Five Reasons Why the Corrugated Industry Is a Great Career Choice
(1) It's huge. Corrugated packaging is a $24.9 billion a year industry. Over 90% of all products in North America are delivered or displayed in corrugated at some point in their life cycle. It is an industry that will be here well into the next century, and beyond.
In 2010, the industry manufactured more than 357.3 billion square feet of material used to make boxes and displays. That's a 3.5 percent increase over 2009 production of packages that safely shipped and protected food, clothing and durable goods for delivery to millions of domestic and worldwide customers.
(2) It's everywhere. There are 1,257 corrugated manufacturing and design facilities promoting continuous innovation, competition and providing jobs and benefits to more than 70,000 employees in 1,065 cities and towns throughout the U.S. Diverse and challenging career opportunities are available for students graduating from architecture, business, engineering, environmental science, graphic design, packaging and technical schools. Potential job locations are a short commute in every U.S. metropolitan area.
(3) Corrugated is the single most dominant force in the packaging world. It is vital to distribution systems in the US. It is sourced by businesses and is the most frequently used shipping material because it's cost-effective, lightweight, functional, innovative, versatile and sustainable.
Corrugated packaging is economically viable. One of the least expensive containers ever developed, the overall cost of corrugated shipping containers is usually between one percent and four percent of the value of the goods carried. Its use contributes to more cost-efficient and fuel-efficient packaging of products from point of origin to point of sale and end use.
The ultimate contribution to cost reduction is when corrugated is used as an all-in-one shipping, storage, advertising and display medium - a growing trend both in warehouse and other retail stores.
(4) Corrugated is a "green", sustainable industry. Corrugated is the most recovered form of packaging, with 85.1percent of all containers produced being reclaimed for recycling in 2010. And that's what happens after it has been used and reused several times to store and move items around the home, retailer and office. Old corrugated containers are bundled and sold back to the manufacturers to make the next generation of corrugated packages. In fact, the average box consists of 46% recycled fiber.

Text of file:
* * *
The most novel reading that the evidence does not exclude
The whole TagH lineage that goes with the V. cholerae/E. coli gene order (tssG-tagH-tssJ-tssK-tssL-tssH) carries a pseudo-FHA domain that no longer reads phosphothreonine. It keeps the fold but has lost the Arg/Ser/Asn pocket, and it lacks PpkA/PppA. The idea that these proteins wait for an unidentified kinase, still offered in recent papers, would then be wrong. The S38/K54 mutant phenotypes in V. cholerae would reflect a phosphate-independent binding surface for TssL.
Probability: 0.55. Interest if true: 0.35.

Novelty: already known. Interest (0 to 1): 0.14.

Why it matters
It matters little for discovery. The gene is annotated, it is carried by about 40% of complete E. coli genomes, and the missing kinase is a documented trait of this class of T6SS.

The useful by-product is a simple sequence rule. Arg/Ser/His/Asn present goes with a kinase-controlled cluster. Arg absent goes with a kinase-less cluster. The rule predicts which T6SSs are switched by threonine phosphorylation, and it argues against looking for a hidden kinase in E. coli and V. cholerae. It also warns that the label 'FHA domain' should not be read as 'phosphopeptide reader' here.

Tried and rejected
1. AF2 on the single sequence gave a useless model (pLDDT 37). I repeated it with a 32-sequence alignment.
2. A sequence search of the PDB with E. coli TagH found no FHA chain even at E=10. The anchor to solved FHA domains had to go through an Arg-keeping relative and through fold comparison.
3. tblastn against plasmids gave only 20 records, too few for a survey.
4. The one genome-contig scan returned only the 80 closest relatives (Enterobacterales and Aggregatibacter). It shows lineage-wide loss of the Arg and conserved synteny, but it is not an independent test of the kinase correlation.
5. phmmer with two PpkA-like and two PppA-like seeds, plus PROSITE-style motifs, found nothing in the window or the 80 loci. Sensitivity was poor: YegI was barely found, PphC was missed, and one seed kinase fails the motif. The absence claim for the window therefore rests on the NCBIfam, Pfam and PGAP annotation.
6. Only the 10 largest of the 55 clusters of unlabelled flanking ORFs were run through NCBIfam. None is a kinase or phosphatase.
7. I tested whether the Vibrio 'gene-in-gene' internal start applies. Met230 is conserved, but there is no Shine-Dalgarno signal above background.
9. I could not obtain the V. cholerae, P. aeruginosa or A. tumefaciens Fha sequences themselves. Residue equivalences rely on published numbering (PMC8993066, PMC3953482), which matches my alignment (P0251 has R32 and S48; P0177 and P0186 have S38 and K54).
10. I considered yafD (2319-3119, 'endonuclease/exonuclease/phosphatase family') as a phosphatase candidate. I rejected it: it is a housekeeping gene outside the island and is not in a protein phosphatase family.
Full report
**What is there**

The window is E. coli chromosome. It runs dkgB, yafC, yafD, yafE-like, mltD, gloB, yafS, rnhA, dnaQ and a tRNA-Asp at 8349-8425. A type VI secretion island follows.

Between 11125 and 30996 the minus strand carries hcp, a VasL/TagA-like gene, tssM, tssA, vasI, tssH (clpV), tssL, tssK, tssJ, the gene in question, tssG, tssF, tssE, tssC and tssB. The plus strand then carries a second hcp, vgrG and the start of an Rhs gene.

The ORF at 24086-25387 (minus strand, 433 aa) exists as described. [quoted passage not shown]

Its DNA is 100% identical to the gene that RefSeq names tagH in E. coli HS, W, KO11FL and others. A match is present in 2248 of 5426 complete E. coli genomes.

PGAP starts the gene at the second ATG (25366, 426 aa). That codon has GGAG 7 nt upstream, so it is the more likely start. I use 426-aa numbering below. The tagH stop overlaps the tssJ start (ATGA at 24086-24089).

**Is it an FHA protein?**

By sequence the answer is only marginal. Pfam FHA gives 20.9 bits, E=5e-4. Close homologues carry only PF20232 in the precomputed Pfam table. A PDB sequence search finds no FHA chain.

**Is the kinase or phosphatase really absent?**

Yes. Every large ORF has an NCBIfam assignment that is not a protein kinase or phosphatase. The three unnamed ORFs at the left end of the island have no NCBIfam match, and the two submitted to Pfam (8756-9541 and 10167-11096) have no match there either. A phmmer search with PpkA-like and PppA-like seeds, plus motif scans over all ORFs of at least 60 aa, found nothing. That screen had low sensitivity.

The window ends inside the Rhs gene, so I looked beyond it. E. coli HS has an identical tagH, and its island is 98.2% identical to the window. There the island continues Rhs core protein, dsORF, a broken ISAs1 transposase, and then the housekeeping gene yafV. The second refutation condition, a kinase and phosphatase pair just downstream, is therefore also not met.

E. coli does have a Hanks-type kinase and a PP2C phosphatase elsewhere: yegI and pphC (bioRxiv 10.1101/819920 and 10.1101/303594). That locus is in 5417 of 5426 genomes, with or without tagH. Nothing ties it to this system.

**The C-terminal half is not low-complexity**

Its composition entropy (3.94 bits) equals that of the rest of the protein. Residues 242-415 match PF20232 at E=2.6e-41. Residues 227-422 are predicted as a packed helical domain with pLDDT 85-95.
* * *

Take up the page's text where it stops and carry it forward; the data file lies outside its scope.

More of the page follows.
In addition, the forest products industry plants twice as many trees as are harvested on an annual basis. There are 1.7 million new trees planted every day, contributing to the long-term viability of North American forests, preserving wildlife habitats, sequestering carbon dioxide and offsetting greenhouse gas emissions.
Less Is More. Manufacturers have learned to make stronger packaging using less raw materials. Environmentalists call this source reduction: using less raw materials and generating less waste at the source.
The corrugated packaging industry practices continuous source reduction. From 2000 to 2010 the amount of corrugated used to ship a unit of domestic industrial production decreased by 19 percent. Corrugated manufacturers have contributed significantly to this reduction by designing more efficient packages, stronger papers and improving converting processes at the design and manufacturing facilities.
(5) It's fast-paced and challenging, with lots of diverse careers. Positions are available for students graduating from packaging, graphic design, business, accounting, engineering, architecture/structural design, environmental science, and tech schools.
And it offers variety. For example on the on the design and manufacturing side, you may work on a package for Nike one day and Revlon the next. Corrugated packaging is the final answer for just about every type of packaging need. It's durable, versatile, lightweight, innovative, and cost-effective.
Positions are available for students graduating from packaging, graphic communications or design, business, marketing & sales, engineering, supply chain management, environmental science, and tech schools.
“The best part about my job is the creative side of it … the ability to take on a client's request and implement that request into a three-dimensional solution that will merchandise their product.” — Bill Glassen, Senior Designer, Great Northern Corp.
“It's a stable industry; it's always going to be there and I think it's always going to be developing and creating greater, more exciting opportunities for people coming into the field.” — Mike Cindrich, Design Manager, McDonald Packaging